Picks and Pans Review: The Russia House

updated 12/24/1990 AT 01:00 AM EST

originally published 12/24/1990 AT 01:00 AM EST

Sean Connery, Michelle Pfeiffer

Nothing against moral ambiguity, but it's rarely this much fun to watch. Then you rarely have Connery and Pfeiffer around, or Fred (Roxanne) Schepisi directing them or a novel like John le Carré's (gracefully adapted by playwright Tom Stoppard).

It's an added pleasure to see Connery, the movies' greatest fantasy spy, playing Le Carré's super low-tech, grudging amateur agent, Barley Scott Blair. He is a British book publisher turned liaison for a Soviet scientist, Klaus Maria Brandauer, who wants to reveal all the U.S.S.R.'s weapons secrets so the arms race will end. Pfeiffer is the Soviet publishing company worker who is go-between for Brandauer and Connery.

The Connery-Pfeiffer love story is convincing. Despite a 27-year age difference, the two actors are a nice match—they look bedraggled and frumpy apart, glamour-pussy together. And no doubt even people engaged in saving the world worry about whom they're going to sleep with. But the smoochy stuff is overdone, especially in an end sequence where Schepisi uses a technique only a bit less dreadful than nuclear war itself—romantic slow motion.

Still, the film makes manifest the dilemmas of Le Carré's story. Connery is torn among his country, Pfeiffer and Brandauer's crackpot but alluring notions of waging peace. Pfeiffer, a divorcée, is worried about her children as well as Connery and Brandauer. Brandauer must decide if his larger loyalty is to the U.S.S.R. or to humanity. James (A Passage to India) Fox, neatly restrained as the British intelligence officer who "runs" Connery, is dutiful yet obviously likes his reluctant agent. Roy Scheider, a vulgar CIA official, displays a sense of fairness even as he represents arms interests threatened by notions of peace.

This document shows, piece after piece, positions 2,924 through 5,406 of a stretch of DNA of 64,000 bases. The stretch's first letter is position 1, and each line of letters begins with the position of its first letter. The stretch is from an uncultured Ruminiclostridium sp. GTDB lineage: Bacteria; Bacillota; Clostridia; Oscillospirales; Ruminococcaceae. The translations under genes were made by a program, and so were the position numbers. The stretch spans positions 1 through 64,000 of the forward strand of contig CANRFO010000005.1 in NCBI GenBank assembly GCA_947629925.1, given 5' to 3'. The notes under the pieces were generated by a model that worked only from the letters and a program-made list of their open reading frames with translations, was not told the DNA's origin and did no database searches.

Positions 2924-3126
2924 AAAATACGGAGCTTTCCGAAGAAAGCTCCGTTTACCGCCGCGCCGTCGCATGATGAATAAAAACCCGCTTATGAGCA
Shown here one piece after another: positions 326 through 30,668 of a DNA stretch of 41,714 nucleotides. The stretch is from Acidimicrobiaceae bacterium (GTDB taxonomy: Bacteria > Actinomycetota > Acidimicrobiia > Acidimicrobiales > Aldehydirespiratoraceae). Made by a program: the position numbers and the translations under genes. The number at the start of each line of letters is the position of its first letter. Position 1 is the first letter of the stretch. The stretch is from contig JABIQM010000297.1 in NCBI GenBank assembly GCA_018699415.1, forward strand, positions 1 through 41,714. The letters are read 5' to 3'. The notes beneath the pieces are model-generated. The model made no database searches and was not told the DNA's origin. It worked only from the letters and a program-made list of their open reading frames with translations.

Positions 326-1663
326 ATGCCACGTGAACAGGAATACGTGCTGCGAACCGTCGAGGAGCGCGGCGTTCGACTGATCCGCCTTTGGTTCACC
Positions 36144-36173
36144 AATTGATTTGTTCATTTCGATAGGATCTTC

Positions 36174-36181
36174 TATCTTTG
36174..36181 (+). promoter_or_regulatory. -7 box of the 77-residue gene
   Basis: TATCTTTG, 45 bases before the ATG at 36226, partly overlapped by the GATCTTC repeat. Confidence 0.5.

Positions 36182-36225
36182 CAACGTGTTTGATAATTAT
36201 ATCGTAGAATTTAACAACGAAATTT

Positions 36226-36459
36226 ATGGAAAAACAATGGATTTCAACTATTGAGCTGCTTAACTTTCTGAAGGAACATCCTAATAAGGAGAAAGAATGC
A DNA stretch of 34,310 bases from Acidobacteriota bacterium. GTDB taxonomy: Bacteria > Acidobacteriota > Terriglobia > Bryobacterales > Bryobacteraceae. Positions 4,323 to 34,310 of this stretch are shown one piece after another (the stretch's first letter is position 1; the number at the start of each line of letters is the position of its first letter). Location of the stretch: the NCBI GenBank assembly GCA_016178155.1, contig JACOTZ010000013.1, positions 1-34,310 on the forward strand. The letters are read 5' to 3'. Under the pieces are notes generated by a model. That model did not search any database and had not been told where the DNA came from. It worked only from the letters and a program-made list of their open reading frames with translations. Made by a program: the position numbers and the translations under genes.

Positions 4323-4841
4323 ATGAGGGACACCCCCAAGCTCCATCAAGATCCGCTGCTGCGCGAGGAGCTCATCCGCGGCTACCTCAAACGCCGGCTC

All these concerns swirl quietly. Devoid of onscreen violence, the film is still unsettling. Schepisi co-opts the audience into going through the anguish of choice, the ultimate of which—is the world even worth saving?—isn't calculated to send you out of the theater whistling. (R)

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